In its annual report for the Financial Year (FY) 2013/14, the Inland Revenue Authority of Singapore (IRAS) has announced a record tax collection of S$41.6 billion.
This is 0.5 per cent higher than what the IRAS collected in the last financial year.
Several factors have contributed to the rise in collection, including on-time tax returns by taxpayers, levies on consumption, property taxes and stamp duties, the Goods and Services Tax (GST), and “sin” taxes from gambling.
Also, tax arrears fell to a record low of just 0.77 per cent of the total net tax assessed.
“On-time tax filing improved from 94% to 95.6% for individuals, and 80.9% to 82.5% for companies. More GST-registered businesses also filed their tax returns on time, with a high on-time filing rate of 93.9%,” the IRAS said in a statement on Monday.
It added:
“IRAS’ continual efforts to make things simple and convenient for taxpayers have helped raise the voluntary compliance level of Singapore’s taxpayers. IRAS expanded the No-Filing Service (NFS) to 1.23 million taxpayers, including 15,000 first-time taxpayers, for the 2014 tax filing season.”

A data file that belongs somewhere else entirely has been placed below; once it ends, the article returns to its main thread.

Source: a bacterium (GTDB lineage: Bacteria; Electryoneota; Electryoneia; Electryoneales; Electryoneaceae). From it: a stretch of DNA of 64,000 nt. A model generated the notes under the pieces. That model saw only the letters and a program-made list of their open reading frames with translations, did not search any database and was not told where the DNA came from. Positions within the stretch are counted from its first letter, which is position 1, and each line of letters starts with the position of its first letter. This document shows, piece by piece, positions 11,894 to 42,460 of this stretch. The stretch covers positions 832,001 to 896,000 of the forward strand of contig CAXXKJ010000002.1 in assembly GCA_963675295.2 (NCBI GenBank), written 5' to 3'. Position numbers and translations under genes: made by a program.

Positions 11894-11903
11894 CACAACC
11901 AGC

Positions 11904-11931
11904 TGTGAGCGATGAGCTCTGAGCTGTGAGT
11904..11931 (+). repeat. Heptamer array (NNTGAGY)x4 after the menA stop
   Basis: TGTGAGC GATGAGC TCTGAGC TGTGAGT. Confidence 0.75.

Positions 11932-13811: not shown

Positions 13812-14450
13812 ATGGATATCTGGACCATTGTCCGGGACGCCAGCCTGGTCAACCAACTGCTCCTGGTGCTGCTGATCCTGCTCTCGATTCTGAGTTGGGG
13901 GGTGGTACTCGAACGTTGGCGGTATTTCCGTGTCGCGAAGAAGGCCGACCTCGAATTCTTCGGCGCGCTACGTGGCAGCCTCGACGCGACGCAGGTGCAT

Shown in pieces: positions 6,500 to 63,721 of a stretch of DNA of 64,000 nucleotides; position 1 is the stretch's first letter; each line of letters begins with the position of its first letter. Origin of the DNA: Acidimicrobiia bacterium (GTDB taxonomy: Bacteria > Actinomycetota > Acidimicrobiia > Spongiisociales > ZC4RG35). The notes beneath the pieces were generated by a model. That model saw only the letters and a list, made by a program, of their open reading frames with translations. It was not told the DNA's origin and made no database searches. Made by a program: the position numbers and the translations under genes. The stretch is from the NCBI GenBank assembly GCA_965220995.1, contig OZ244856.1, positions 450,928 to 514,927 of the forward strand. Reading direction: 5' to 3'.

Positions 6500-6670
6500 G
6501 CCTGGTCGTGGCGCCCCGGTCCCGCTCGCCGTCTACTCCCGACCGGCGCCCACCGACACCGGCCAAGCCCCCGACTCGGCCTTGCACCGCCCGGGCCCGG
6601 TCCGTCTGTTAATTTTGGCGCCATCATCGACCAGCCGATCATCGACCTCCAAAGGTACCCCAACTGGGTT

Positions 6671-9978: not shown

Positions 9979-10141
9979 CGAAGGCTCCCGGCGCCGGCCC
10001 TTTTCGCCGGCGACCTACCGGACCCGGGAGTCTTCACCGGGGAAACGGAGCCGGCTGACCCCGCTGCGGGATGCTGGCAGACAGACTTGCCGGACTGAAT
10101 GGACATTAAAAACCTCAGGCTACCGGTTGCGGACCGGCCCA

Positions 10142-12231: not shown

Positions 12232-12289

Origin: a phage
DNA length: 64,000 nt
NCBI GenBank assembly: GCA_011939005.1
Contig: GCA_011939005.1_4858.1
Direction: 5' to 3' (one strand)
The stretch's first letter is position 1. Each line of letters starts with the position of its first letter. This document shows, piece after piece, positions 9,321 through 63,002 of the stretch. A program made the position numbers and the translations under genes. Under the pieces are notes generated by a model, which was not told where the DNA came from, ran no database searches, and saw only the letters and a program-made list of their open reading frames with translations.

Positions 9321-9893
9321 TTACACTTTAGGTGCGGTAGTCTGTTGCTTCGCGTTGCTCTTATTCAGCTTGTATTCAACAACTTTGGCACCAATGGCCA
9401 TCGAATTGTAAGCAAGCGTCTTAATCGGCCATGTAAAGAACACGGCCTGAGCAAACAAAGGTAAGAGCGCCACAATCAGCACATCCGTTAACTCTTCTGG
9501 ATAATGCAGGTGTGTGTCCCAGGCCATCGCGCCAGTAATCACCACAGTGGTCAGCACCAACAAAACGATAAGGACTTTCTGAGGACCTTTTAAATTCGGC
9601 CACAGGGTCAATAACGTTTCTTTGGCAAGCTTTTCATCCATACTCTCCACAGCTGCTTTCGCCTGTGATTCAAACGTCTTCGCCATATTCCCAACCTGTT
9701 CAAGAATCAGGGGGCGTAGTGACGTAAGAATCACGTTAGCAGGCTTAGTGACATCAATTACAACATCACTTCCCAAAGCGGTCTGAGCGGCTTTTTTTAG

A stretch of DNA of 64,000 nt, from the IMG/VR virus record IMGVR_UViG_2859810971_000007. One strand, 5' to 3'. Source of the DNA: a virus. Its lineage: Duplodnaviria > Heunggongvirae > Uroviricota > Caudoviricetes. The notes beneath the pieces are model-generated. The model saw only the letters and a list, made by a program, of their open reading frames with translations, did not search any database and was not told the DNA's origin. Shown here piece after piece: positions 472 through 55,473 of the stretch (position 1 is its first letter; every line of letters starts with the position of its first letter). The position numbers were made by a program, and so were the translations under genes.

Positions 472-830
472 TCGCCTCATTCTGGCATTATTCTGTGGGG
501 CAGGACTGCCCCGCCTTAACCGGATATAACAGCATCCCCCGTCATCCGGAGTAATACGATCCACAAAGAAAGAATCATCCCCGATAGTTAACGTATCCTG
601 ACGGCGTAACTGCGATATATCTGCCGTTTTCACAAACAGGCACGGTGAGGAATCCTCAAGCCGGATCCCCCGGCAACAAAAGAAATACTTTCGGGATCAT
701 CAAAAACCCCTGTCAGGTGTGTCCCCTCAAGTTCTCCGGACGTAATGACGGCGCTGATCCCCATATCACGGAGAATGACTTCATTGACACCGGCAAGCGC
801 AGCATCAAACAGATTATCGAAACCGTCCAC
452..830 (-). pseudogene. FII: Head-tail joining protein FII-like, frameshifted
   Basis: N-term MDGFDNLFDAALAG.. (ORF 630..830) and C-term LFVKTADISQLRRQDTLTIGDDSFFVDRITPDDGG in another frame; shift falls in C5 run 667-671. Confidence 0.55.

Despite the record collections, there were nonetheless declines in collections in other areas, namely in corporate, individual and withholding taxes:
–          Corporate income tax fell 1.1 per cent to S$12.7 billion
–          Individual income tax fell 0.4 per cent to S$7.7 billion
–          Withholding tax dropped 13.8 per cent to S$1.15 billion
Here are some other key numbers:
–          GST collection grew 5.3 per cent to S$9.5 billion
–          Property tax grew 10.6 per cent to S$4.2 billion
–          Stamp duty fell by 8.8 per cent to S$3.9 billion
–          “Sin” taxes (4-D, Toto, Big Sweep) rose 3.2 per cent to S$2.4 billion.
The IRAS also reported that more people have made it to the million-dollar club, with 4,231 earning assessable income of more than S$1 million, a rise from the 4,220 people who made the cut last year.
This group of people contributed S$1.48 billion in taxes from their combined income of S$8.04 billion.
IRAS said its efforts to simplify the system for taxpayers to pay their taxes have resulted in a rise of voluntary compliance. Still, some 15, 233 non-compliant cases were discovered by the tax authority which recovered about S$387 million in taxes and penalties.
“While we actively promote voluntary compliance, we continue to deter non-compliance and establish a strong presence,” IRAS said. “By balancing tough measures to recover outstanding taxes with softer methods to encourage voluntary compliance, we help the majority of taxpayers in Singapore pay their fair share of taxes. Through these measures, we seek to maintain the public’s trust in IRAS as a strong and fair tax authority.”

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